Legal Aid Board engages Parliamentarians


Winifred Hannah Koroma

July 10, 2015 

The Executive Director of the Sierra Leone Legal Aid Board, Ms. Claire Carlton-Hanciles told Parliamentarians on Wednesday, July 8, that the Legal Aid Board will assign paralegals to chiefdoms across the country to monitor Local Courts.  ‘The importance of these Courts cannot be over-emphasized. They service eighty percent of cases in the country.
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The reason for this is simple, they are conducted in the community and use the local language,’ she noted.

She further told MPs that she will be assigning paralegals to all the thirty-six police stations in Freetown to ensure rights of suspects are protected.  ‘Once Paralegals are assigned to police stations, suspects will have the right to demand they speak with them before they are detained’ she stressed.

In addition, she outlined plans to establish human rights clinics across the country and to also work with the Sierra Leone Bar Association to have its members provide legal services to indigent clients. ‘Each lawyer will be given ten cases to handle at any given time,’ she said.

Ms. Carlton-Hanciles was responding to questions from MPs following a power-point presentation entitled ‘Introducing Legal Aid to Sierra Leone.’ She had this to say in her opening remarks at the presentation to the MPs: ‘Legal aid is a pivotal element of a fair, humane and efficient criminal justice system that is based on the rule of law. It is an indispensable cornerstone for the enjoyment of other rights, including the right to a fair trial.’

She again reminded MPs that the vast majority of those affected by the criminal justice system are the poor and marginalised who possess no resources to protect themselves and a huge percentage do not have access to legal aid.  She drew attention to the fact that access to a lawyer is the single most important precondition for suspects, detainees and accused persons to be able to exercise their rights. She added that paralegals also perform significant roles in attaining the objectives of access to legal aid.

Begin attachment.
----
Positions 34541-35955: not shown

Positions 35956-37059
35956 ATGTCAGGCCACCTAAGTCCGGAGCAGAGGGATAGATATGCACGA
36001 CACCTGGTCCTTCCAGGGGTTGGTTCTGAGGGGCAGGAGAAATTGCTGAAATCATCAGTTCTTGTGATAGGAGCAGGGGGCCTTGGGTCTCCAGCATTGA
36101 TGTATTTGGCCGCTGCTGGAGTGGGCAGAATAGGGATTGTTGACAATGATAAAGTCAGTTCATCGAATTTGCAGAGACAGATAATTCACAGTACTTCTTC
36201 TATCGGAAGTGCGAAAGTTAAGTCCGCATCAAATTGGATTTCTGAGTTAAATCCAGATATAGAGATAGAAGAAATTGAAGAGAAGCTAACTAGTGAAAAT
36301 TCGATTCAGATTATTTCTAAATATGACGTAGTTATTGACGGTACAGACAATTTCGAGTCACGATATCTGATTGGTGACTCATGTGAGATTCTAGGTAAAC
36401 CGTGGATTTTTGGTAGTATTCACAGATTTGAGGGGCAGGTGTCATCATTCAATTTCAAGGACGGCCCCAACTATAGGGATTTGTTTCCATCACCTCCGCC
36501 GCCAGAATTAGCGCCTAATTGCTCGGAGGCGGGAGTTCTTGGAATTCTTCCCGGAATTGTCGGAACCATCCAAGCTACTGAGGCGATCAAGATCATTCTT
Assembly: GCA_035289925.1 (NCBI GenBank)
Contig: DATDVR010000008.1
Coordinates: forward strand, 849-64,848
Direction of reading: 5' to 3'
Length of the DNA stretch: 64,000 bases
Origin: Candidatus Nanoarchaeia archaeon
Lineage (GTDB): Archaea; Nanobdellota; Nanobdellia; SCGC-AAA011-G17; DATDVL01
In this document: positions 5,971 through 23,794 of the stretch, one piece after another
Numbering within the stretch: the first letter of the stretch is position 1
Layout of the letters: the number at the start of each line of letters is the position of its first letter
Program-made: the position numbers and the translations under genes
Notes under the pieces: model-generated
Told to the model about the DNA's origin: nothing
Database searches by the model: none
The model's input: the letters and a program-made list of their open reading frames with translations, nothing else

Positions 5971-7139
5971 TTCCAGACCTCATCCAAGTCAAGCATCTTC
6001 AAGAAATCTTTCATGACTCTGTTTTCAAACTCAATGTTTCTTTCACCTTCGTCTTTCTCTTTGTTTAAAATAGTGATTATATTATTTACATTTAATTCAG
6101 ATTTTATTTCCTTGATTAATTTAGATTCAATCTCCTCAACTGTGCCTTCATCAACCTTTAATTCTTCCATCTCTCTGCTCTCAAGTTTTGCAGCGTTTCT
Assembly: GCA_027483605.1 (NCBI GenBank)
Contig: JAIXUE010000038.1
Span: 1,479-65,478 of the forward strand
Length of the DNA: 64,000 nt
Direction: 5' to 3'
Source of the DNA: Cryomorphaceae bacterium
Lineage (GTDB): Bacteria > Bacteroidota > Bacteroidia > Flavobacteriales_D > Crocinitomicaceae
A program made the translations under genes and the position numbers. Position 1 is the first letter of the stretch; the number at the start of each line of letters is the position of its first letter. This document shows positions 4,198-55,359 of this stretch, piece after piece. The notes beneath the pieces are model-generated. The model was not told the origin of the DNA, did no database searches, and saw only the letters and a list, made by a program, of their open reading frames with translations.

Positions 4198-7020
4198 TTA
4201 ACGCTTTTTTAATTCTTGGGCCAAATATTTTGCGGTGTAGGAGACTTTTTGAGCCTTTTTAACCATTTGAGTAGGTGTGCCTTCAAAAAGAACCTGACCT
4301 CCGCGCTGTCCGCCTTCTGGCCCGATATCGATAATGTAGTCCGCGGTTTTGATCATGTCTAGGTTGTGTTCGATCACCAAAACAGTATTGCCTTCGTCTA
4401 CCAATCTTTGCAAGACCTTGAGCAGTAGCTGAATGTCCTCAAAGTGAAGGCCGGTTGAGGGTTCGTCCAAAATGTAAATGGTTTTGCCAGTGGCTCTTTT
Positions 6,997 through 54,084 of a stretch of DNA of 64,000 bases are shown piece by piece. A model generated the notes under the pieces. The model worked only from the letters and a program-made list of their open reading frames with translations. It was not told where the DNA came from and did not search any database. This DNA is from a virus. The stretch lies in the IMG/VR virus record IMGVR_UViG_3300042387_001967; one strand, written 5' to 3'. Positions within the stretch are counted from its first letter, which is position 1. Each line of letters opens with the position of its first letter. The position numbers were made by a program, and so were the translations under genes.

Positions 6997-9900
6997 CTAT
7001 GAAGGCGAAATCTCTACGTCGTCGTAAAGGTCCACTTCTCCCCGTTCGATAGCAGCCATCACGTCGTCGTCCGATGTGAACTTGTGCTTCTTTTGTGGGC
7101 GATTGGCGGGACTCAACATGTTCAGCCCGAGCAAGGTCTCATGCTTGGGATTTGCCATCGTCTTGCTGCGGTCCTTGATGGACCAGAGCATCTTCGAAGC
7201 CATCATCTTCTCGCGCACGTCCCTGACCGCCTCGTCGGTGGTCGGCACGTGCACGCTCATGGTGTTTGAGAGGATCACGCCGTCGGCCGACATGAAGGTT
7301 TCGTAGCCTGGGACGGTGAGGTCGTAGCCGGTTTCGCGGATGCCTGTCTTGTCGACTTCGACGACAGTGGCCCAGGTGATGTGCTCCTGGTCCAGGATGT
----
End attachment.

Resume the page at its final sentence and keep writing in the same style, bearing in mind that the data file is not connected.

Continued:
She reminded the MPs of their obligation under the International Covenant on Civil and Political Rights, which stipulates minimum guarantees in the determination of any criminal charge against a person. This includes the right to be defended by a lawyer of ones choosing. Ms. Carlton-Hanciles drew attention to the obligation of government as espoused in pillar 7 of the Agenda for Prosperity which underscores the need for reform in the justice sector, which includes making justice accessible locally.

In response, the MPs underlined the need for robust outreach so that their people will understand the work of the Board and therefore benefit from it fully. ‘We are ready to assist you with outreach partly because we stand to benefit from it. When our constituents have a case in court they ask us to help with legal fees. This is a huge burden on us,’ the Majority Leader of the House, Ibrahim Bundu said.

Another, MP wanted to know how the Board will benefit women in particular since they make up the majority of the poorest in the society. What’s more most of them are in the rural areas. She said a lot of these women are taken advantage of by their husbands and male counterparts. ‘What plans are in place to have these women become aware of the work of the Board so they can take advantage of the opportunity it is offering’ she said.

Ms. Carlton-Hanciles took time to allay fears of MPs that people upcountry might not benefit as much as those in the capital despite making up the bulk of the population needing the services of the Board. She promised a robust presence across the country over time. She however cautioned MPs that this will be determined largely by the amount of funding from Government and other donor agencies. She therefore called on the Government to continue to provide funding for the programme to go nationwide as provided for in 2012 legal Aid Act.

The Chair of the Board of Directors, Justice Showers in her remark underscored the importance of the institution. She underlined the fact that the secretariat started operations in May 2015 following the setting up of the Board of Directors in November 2014.  ‘This is a new institution and therefore engaged in a lot of learning,’ she noted. She called on MPs to help the institutions with funds to do its work. ‘The Board will be providing legal assistance to the very poor, a lot of who are in your constituencies’ she reminded the MPs.